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Alfred E. Green’s Union Depot (1932) starts off by setting up the frantic pace of – what else? – a busy metropolitan train station. Moving around the depot, the film shows a wide range of people saying goodbye to loved ones, boarding trains or playing the waiting game before their trains arrive.

Now that the somewhat chaotic environment of the Union Depot has been established, the film then focuses in on a few particular characters in more detail, allowing the viewer to get to know them better.

Included are Chick (Douglas Fairbanks Jr.) and Scrap Iron (Guy Kibbee), two men fresh out of prison for vagrancy. The two meet a bit of good fortune when Chick comes across a drunken traveler’s bag, using the shaving kit to clean himself up and dressing in one of the man’s suits, which happens to have a roll of cash in the pocket.

After using his new-found riches to buy himself a good meal, Chick is determined to find himself a lady friend. He meets a woman named Ruth (Joan Blondell), who is also in desperate need of money. She’s an out of work showgirl who needs $64 for a train ticket that will take her to a job with a traveling stage show. Chick propositions Ruth but finds that she’s not quite as willing to give into him as he expected her to be. Realizing that she truly is in need of help, Chick promises to help Ruth get a train ticket.

Meanwhile, Scrap Iron finds an apparently discarded claim check, which when redeemed by Chick turns out to be for a violin case full of counterfeit money. The money belongs to Bushy Sloan (Alan Hale), who was pick-pocketed at the station. The thief had discarded Bushy’s wallet after stealing it, leading Scrap Iron to find the claim ticket. Drama ensues over the money while Chick continues to try to help Ruth, who is also being stalked by a super-creep named Dr. Bernardi (George Rosener) who recently tried to force himself on her.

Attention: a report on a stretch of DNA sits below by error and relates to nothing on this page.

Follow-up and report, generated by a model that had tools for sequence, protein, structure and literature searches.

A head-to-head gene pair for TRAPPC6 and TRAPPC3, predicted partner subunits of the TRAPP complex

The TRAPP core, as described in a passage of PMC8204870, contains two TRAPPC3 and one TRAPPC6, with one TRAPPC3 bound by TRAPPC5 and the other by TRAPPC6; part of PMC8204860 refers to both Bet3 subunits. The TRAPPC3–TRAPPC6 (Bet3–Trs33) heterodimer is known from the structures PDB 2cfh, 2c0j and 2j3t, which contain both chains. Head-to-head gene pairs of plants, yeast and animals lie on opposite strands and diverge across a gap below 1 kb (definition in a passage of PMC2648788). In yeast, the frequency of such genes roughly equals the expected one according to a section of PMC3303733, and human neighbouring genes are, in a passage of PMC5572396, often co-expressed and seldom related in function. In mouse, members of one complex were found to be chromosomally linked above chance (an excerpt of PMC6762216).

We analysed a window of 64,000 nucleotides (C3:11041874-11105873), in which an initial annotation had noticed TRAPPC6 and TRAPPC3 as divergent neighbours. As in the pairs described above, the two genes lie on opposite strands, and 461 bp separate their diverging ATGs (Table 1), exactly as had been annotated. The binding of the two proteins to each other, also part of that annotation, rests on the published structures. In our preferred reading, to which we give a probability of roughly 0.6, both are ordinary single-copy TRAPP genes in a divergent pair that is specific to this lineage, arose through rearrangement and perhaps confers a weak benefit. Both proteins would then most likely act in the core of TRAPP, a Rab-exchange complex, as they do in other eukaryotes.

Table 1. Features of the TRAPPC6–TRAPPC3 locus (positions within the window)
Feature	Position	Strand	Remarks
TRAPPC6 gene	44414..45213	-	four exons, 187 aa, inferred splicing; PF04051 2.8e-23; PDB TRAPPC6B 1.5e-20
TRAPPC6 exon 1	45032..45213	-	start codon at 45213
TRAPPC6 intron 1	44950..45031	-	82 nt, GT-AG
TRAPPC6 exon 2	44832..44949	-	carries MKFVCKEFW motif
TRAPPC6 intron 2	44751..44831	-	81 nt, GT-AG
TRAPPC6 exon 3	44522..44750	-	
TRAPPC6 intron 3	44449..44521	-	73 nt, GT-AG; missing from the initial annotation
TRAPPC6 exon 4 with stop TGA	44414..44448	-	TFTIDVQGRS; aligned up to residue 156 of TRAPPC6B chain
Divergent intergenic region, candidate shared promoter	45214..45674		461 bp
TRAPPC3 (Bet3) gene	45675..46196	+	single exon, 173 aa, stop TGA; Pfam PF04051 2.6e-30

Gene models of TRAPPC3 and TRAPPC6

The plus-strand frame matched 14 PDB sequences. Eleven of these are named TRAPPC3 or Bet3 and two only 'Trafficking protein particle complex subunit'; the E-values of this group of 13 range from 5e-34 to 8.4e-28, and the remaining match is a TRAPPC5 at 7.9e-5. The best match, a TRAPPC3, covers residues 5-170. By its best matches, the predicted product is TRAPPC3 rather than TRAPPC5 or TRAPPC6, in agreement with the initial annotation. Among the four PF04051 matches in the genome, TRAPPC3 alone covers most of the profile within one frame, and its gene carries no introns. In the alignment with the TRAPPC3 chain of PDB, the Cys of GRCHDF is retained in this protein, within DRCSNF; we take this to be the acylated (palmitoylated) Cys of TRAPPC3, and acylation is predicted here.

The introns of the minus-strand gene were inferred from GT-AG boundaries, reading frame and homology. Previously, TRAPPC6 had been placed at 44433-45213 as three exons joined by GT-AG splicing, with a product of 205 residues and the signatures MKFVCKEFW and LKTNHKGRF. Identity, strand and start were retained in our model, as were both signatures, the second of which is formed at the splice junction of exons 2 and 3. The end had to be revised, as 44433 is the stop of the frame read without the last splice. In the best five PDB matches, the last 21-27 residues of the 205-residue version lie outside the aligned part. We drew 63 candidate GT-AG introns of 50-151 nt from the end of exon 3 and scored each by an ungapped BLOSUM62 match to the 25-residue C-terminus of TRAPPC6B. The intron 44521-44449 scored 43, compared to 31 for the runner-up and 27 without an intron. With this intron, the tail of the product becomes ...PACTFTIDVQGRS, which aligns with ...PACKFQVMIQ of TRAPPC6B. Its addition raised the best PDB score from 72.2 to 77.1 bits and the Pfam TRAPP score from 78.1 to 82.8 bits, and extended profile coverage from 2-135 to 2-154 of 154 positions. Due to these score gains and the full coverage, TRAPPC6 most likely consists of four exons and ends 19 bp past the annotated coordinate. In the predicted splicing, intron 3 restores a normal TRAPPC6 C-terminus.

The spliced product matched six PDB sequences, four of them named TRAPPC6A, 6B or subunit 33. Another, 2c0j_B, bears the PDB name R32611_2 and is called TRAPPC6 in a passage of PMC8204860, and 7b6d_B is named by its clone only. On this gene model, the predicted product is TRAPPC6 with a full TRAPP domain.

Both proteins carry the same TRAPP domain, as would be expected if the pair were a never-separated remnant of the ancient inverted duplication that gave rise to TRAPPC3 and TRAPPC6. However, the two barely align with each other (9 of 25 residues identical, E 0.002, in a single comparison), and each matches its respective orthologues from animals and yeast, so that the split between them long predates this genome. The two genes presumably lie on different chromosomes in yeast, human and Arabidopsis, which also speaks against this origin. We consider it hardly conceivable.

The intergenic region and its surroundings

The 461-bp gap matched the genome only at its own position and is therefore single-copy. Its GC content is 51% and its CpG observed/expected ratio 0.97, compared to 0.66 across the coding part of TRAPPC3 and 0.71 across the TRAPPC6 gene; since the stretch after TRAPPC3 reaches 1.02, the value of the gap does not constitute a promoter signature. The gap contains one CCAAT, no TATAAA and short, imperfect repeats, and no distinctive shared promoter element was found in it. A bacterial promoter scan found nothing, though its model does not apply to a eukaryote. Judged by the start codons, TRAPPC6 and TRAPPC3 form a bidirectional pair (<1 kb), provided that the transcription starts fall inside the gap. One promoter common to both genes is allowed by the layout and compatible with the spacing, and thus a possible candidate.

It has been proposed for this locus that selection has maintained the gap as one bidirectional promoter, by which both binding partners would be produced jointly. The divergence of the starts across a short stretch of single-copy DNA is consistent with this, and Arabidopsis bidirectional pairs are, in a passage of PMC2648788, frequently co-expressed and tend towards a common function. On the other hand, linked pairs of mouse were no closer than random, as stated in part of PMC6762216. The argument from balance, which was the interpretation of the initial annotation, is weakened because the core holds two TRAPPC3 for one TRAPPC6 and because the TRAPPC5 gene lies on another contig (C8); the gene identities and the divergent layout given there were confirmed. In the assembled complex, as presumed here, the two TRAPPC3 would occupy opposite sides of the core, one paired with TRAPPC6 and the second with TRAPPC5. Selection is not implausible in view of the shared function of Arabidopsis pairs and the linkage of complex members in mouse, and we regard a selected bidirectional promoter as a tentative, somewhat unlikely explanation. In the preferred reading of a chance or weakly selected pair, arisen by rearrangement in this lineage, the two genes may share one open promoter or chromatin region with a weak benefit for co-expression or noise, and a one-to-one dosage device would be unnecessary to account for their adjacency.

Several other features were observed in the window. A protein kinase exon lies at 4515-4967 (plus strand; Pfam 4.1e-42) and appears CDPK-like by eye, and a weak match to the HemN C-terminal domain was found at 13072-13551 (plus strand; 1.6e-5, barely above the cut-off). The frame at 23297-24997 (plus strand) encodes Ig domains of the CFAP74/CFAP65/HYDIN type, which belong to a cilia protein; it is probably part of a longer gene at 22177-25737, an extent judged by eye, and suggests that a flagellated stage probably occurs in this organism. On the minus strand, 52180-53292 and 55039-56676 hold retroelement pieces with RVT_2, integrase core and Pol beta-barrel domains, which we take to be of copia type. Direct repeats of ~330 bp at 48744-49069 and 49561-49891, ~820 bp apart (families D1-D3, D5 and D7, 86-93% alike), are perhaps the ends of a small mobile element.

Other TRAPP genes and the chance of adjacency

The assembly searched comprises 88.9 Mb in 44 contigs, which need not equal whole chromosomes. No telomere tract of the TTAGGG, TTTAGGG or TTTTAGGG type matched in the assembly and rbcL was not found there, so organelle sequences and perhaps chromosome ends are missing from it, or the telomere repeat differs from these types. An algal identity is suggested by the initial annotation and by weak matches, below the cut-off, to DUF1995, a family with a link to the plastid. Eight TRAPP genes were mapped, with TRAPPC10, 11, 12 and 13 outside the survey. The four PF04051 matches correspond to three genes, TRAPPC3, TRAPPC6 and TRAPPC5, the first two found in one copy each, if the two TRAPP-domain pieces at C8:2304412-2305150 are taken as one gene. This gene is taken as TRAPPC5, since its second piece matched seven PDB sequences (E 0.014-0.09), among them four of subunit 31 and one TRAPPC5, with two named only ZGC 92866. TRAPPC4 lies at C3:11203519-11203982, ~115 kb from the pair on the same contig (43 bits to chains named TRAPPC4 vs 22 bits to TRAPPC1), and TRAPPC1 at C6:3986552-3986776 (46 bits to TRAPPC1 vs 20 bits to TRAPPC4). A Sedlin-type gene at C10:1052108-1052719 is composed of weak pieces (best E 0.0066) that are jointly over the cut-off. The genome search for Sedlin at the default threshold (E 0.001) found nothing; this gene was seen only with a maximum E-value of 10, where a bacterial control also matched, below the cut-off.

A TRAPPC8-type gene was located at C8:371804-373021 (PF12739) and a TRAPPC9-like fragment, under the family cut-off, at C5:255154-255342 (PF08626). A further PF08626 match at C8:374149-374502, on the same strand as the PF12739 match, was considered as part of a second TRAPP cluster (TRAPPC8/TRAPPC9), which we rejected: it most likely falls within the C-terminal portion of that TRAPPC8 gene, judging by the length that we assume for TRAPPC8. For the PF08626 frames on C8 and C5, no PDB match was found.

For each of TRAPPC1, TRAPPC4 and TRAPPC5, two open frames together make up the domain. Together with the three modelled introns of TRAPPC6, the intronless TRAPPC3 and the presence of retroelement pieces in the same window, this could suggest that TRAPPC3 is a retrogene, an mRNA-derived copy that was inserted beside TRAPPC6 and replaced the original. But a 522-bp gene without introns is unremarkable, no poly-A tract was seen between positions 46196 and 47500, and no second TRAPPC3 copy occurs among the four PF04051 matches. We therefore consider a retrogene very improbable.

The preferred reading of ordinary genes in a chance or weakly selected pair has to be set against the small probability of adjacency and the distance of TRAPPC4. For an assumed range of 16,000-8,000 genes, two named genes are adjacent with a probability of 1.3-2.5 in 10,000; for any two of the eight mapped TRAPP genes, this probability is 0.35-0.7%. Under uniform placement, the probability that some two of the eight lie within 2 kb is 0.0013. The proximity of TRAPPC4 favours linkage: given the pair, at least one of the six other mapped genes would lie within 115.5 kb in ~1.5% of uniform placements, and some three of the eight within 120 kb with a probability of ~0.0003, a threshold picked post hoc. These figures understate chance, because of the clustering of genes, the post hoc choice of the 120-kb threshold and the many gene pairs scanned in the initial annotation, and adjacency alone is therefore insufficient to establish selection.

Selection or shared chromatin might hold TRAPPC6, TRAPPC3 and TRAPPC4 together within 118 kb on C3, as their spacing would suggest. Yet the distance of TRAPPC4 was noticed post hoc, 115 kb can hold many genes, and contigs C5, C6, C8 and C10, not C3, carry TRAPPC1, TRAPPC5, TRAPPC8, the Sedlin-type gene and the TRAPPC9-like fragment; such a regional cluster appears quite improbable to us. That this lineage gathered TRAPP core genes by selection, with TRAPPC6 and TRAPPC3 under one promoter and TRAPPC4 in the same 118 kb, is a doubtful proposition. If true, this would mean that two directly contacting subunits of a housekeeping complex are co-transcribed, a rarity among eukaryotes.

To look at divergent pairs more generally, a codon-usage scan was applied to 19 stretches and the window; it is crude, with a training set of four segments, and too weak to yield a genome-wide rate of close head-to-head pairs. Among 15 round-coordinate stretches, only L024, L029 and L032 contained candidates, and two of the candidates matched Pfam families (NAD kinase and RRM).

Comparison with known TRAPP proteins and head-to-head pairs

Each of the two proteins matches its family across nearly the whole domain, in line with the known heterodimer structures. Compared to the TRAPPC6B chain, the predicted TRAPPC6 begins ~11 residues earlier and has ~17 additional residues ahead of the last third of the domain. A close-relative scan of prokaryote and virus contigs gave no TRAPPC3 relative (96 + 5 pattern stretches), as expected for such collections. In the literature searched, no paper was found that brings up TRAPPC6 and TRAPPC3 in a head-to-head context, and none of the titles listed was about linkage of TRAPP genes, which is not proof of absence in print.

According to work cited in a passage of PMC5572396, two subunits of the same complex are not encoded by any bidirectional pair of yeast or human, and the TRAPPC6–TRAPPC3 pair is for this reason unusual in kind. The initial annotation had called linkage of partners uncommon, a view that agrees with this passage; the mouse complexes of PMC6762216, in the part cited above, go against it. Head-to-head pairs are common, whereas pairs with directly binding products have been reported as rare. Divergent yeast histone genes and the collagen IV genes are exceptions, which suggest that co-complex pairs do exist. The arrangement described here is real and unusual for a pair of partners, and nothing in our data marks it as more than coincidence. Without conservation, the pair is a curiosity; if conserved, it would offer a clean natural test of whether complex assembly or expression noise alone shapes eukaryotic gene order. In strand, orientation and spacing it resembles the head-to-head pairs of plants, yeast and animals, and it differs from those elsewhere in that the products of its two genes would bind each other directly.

As you may have deduced from this plot description, there’s a whole lot going on in Union Depot. The film is a mix of intriguing crime drama (through the plot of the counterfeit money), romance (as Chick’s caring for Ruth grows), thriller (as Ruth gets lured in by Bernardi) and a bit of comedy. This is a very entertaining mix, which keeps the viewer glued to the screen.

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The characters to which all of this action happens are highly varied. They come from very different backgrounds and lifestyles, and all have different motives for being at the station. Most of the characters are a bit sleazy, including the “hero” character of Chick, which gives the film a definite cynical edge.

Some of the characters, however, are more likable. The viewer feels a lot of sympathy for Ruth, for instance (and it isn’t just because I have a Blondell bias!). She seems to get herself into trouble accidentally, getting mixed up with the wrong people even though all she wants is to get that train ticket and start working again. Blondell’s performance also escalates the endearment of her character to the audience.

As is typical of films from the same era, Union Depot treats the topic of sex quite casually. Chick and Ruth talk about it openly when they barely know each other; Ruth admits to having “been around the block” and reading dirty novels to the dirty old man who tracks her down at the train station.

With so much happening for these characters, there are bound to be a few shocking twists, and Union Depot certainly delivers a number of big surprises. Though the film as a whole is quite cynical, it ends with a touch of sweetness. It also features very good performances and is just an interesting watch overall. The score: 3.5/5